His task this day seemed at first to be one of just leaning on a floor brush next to a wheelie bin, and watching as the woman swept and swept at the rough paving, occasionally making a comment or pointing at something she had missed. He stood watching her for about ten minutes, then suddenly he leaped into action. He took a shovel from his wheelie bin, swept the pile of dog-ends and litter that the lady had made up into the shovel and then almost ceremonially emptied the shovel into the wheelie bin before tapping it on the side and then throwing it and the brush inside. He then strode off, at pace, pushing the wheelie bin towards the other side of the square.
I craned my neck around to look out of the corner of the window and I could see that another lady was on the other side of the square brushing just as vigorously at the cobbles over there. Once the man arrived next to her, he took his brush from the bin, leaned on it and stood watching her, just as he had been doing when I first saw him.
Another lady, completely different place, same hard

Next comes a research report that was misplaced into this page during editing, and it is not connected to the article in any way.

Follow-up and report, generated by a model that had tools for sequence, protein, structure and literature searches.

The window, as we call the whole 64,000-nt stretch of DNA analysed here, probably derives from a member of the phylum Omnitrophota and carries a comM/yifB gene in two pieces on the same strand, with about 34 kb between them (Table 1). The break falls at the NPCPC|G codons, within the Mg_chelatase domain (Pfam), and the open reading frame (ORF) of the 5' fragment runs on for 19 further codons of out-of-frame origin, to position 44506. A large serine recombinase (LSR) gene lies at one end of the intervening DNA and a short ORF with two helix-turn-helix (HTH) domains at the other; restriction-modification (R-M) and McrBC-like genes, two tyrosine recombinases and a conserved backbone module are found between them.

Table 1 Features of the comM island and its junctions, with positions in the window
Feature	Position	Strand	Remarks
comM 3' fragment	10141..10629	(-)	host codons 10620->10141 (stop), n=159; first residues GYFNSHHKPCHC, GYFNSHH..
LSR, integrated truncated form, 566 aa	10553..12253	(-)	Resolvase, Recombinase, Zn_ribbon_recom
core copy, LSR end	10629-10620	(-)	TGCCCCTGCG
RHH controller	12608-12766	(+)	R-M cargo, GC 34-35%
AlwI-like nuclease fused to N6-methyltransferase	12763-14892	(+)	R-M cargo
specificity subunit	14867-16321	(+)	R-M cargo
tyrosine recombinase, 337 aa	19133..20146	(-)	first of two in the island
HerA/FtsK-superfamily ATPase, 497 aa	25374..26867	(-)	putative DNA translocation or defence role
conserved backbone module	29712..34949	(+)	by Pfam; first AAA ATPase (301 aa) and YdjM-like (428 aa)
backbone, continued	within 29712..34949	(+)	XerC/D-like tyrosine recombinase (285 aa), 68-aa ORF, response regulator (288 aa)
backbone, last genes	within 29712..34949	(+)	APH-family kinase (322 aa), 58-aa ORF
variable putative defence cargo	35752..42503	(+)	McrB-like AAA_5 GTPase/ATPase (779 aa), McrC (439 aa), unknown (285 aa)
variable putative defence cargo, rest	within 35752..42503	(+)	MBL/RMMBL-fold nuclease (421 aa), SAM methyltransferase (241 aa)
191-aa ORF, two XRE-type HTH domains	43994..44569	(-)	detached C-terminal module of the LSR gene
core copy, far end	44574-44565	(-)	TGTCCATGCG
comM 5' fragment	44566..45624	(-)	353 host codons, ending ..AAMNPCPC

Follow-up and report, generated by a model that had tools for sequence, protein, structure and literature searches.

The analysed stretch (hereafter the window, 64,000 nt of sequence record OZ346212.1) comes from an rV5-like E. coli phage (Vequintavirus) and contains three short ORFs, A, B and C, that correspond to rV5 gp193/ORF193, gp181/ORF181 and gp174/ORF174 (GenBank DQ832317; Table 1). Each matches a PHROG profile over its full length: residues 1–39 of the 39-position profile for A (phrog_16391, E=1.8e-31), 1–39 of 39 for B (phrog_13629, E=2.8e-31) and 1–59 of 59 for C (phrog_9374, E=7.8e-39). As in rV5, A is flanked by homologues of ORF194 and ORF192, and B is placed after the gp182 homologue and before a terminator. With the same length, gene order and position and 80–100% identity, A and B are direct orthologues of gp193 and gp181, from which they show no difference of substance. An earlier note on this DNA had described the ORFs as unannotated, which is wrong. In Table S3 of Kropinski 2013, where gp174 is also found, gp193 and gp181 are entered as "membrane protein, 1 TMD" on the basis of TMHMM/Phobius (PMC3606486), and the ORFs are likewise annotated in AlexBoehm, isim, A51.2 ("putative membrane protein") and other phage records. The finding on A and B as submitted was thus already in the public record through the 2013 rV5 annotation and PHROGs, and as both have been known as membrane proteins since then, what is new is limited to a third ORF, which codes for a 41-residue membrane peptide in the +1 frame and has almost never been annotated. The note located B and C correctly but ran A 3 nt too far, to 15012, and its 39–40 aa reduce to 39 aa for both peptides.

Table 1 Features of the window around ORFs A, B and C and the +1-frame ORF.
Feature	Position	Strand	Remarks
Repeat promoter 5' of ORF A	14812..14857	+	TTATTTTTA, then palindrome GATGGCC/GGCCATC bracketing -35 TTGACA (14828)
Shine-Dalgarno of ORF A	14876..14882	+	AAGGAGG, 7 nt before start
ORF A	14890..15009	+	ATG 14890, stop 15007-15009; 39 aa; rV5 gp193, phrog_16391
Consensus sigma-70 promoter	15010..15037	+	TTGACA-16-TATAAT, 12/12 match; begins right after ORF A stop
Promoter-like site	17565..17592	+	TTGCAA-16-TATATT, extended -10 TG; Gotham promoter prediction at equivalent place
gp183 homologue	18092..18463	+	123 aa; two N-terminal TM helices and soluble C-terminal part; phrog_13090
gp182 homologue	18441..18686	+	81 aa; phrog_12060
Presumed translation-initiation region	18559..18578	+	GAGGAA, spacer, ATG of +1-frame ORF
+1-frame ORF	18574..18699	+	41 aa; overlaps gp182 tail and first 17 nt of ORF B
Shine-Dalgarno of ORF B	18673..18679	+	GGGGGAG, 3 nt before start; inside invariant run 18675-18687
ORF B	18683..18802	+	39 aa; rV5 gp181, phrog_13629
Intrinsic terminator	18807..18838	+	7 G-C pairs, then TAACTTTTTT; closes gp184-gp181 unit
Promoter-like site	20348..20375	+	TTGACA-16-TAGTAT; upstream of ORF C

work, similar broom.
I looked back at the first woman and she was still working her broom furiously, making neat piles of rubbish, and I suspected that she might be trying to get far enough ahead of her task so that the man didn't have any time just to stand and watch whenever he returned.
As she brushed I saw a young man walk past her and then casually discard a cigarette end onto the paving where she had already brushed, not even glancing at the woman, or caring that she was working so hard.
It was then that it struck me that this really is a never-ending task for these ladies, and a task that would never be finished.
As a story I think this is also indicative of Romanian life generally. there are so many fit and healthy old ladies in our village, in their 80's and 90's they always greet us with a cheeky grin, a happy hello, and often a risque comment too! They are so full of life. The women are on their own, they are all widows, there are no men of similar ages.
It was Ali who pointed it out, and stressed that it is no surprise. After all it is usually the women who do all of the hard physical work, spending all day bent over, planting or picking or weeding in the fields, and then return home at the end of a long hard day to cook, wash, clean and raise their children.
They live a life that has kept them a lot fitter.
The men tend to supervise, just as the male road sweeper was doing.